Three-year-old United fan heartbroken at having to wear blue

Three-year-old United fan heartbroken at having to wear blue

Manchester United stepped in to tell three-year-old Lilly Rae Doyle it’s ok to wear blue after seeing this video of her sobbing in her new school uniform.

Little Lilly is due to start in foundation class later this month, but her mum Faye ran into problems when she got her to try on her new uniform.

The problem - it’s blue.

Lilly is a devoted Man United fan, her favourite thing is her Man United jersey and she won’t even pick a favourite player as she “loves them all the same”.

So being forced to wear the colour of the enemy, Manchester City blue, was simply too much for her.

Lilly sobbed and begged to be allowed to take the uniform off as it was “so so blue”.

Despite the efforts of both her parents to persuade her even United players wore blue sometimes, the single-minded fan would not be moved.

Luckily the video has gone viral in recent days and the club themselves heard about it. They posted a tweet to tell the little girl “you can still wear blue and be a Red”.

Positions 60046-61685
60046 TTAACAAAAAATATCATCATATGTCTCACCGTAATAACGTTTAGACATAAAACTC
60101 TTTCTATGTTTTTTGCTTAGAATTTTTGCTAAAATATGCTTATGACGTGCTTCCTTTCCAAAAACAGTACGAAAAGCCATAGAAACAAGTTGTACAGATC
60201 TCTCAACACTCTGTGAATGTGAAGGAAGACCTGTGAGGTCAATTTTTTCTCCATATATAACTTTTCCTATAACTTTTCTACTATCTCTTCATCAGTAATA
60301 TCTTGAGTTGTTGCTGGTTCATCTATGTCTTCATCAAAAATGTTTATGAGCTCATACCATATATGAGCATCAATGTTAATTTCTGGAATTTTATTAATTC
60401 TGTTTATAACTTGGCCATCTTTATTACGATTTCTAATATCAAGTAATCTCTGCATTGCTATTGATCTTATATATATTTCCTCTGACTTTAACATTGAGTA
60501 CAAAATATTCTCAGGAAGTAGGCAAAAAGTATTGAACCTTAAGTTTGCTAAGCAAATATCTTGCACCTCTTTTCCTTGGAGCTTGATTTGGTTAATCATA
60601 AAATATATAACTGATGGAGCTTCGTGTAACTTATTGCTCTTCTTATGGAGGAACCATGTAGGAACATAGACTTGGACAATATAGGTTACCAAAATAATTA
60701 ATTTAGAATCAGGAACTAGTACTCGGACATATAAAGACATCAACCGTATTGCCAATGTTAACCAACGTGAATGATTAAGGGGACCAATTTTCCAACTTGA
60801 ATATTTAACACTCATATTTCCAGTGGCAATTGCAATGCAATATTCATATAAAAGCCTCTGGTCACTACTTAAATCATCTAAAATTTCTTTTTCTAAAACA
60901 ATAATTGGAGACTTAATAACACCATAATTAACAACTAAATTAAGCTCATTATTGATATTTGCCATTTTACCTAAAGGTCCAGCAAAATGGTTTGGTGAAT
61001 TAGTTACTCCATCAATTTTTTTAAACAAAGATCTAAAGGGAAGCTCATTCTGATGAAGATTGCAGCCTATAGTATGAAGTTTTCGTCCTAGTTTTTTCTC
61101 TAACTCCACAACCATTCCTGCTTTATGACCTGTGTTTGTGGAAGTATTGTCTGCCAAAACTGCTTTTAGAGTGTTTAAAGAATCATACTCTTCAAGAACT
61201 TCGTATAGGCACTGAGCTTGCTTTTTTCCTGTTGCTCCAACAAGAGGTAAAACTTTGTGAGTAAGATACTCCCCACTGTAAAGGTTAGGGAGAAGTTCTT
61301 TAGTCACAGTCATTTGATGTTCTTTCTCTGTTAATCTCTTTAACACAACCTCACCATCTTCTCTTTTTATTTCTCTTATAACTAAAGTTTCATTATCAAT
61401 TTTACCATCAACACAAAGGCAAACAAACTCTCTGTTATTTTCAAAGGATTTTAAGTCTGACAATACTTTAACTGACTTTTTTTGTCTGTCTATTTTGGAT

They are sending Lilly a replica of their third kit, which is blue, so hopefully that will be enough to convince her she can wear her uniform and still love United.

Now that is a devoted fan.

More in this Section

Five challenges Stephen Kenny much tackle before a ball is kickedFive challenges Stephen Kenny much tackle before a ball is kicked

VIDEO: McCarthy 'hugely disappointed' but 'fully supports' FAI decisionVIDEO: McCarthy 'hugely disappointed' but 'fully supports' FAI decision

Kobe Bryant posthumously inducted into Hall of FameKobe Bryant posthumously inducted into Hall of Fame

Carragher and Collymore blast Liverpool for furloughing non-playing staffCarragher and Collymore blast Liverpool for furloughing non-playing staff


Lifestyle

Des O'Driscoll looks ahead at the best things to watch this weekFive TV shows for the week ahead

Frank O’Mahony of O’Mahony’s bookshop O’Connell St., Limerick. Main picture: Emma Jervis/ Press 22We Sell Books: O’Mahony’s Booksellers a long tradition in the books business

It’s a question Irish man Dylan Haskins is doing to best answer in his role with BBC Sounds. He also tells Eoghan O’Sullivan about Second Captains’ upcoming look at disgraced swim coach George GibneyWhat makes a good podcast?

The name ‘Dracula’, it’s sometimes claimed, comes from the Irish ‘droch fhola’, or ‘evil blood’. The cognoscenti, however, say its origin is ‘drac’ — ‘dragon’ in old Romanian.Richard Collins: Vampire bats don’t deserve the bad reputation

More From The Irish Examiner